Fri, Jun 23, 2006 - Page 8 News List

China just delaying the inevitable

By Pei Minxin 裴敏欣

Communist China has experienced a monumental capitalist revolution in the last two decades, with an economy that is now six times bigger than it was 20 years ago. A minor player in the global economy in the 1980s, China today is the world's third-largest trading power. But if these stunning economic statistics make you think that so much capitalist development must also have brought more democracy to China, think again.

Most Westerners believe in a theory of liberal evolution, according to which sustained economic growth, by increasing wealth and the size of the middle class, gradually makes a country more democratic. While the long-run record of this theory is irrefutable, China's authoritarian ruling elite is determined to hold on to power and has been smart enough to take steps to countering the liberalizing effects of economic development.

Thus, for all its awe-inspiring economic achievement, China has made remarkably little progress in political liberalization. Indeed, judging by several key indicators, progress toward democracy in China has stalled.

For instance, in the mid-1980s, Chinese leaders seriously discussed and later drew up a blueprint for modest democratic reforms. Today, the topic of political reform is taboo. Nearly all the major institutional reforms, such as strengthening the legislature, holding village elections, and building a modern legal system, were launched in the 1980s. Since the Tiananmen Square Massacre of June 1989, however, not a single major democratic reform initiative has been implemented.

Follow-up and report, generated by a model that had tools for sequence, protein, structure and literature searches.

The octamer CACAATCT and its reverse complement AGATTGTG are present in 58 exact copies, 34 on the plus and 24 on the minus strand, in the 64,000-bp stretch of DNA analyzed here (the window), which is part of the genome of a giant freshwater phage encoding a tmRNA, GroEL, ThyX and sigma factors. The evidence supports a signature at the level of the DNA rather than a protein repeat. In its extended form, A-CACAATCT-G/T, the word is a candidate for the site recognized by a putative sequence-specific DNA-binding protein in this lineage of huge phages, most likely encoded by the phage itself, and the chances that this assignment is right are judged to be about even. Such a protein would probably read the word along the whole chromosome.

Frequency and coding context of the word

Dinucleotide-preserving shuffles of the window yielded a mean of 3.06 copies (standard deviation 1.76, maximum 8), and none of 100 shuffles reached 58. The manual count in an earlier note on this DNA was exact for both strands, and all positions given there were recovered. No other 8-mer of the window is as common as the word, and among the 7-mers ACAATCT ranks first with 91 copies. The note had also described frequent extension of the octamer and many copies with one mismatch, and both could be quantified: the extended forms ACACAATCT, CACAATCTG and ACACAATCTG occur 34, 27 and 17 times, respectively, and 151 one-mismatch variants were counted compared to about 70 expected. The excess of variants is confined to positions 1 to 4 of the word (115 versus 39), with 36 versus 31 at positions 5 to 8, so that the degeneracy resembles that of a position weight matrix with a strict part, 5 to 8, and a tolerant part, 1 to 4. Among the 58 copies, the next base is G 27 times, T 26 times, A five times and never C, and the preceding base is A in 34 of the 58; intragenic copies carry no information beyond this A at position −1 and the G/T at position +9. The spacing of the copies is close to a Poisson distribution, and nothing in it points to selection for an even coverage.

Instead of democratic transition, China has witnessed a consolidation of authoritarian rule. Since 1989, the Chinese Communist Party (CCP) has been pursuing a two-pronged strategy: selective repression that targets organized political opposition and assimilation of new social elites.

This strategy emphasizes the maintenance of an extensive law enforcement apparatus designed to eliminate organized opposition. Huge investments have strengthened the People's Armed Police (PAP), a large anti-riot paramilitary force whose specialty is the quick suppression of anti-government protests by disgruntled industrial workers, farmers and urban residents. Frequent deployment of the PAP is a major reason why the tens of thousands of collective protests that occur each year (74,000 in 2004 and 86,000 last year) have had a negligible impact on China's overall stability.

To deal with new emerging political threats, such as the information revolution, the Chinese government has spent mightily on manpower and technology. A special 30,000-strong police unit monitors and screens Internet traffic, advanced technology is deployed to block access to overseas Web sites considered "hostile or harmful" and Internet service and content providers, both domestic and Western, must comply with onerous restrictions designed to suppress political dissent and track down offenders. The regime has even conducted multi-agency exercises to test whether different government bodies could cooperate closely to keep "harmful information" off the Internet during an emergency.

Having learned from the collapse of the Soviet Union that a bureaucratic ruling party must co-opt new social elites to deprive potential opposition groups of leaders, the Communist Party has conducted an effective campaign of expanding its social base. The urban intelligentsia and professionals have been pampered with material perks and political recognition, while new private entrepreneurs have been allowed to join the CCP.

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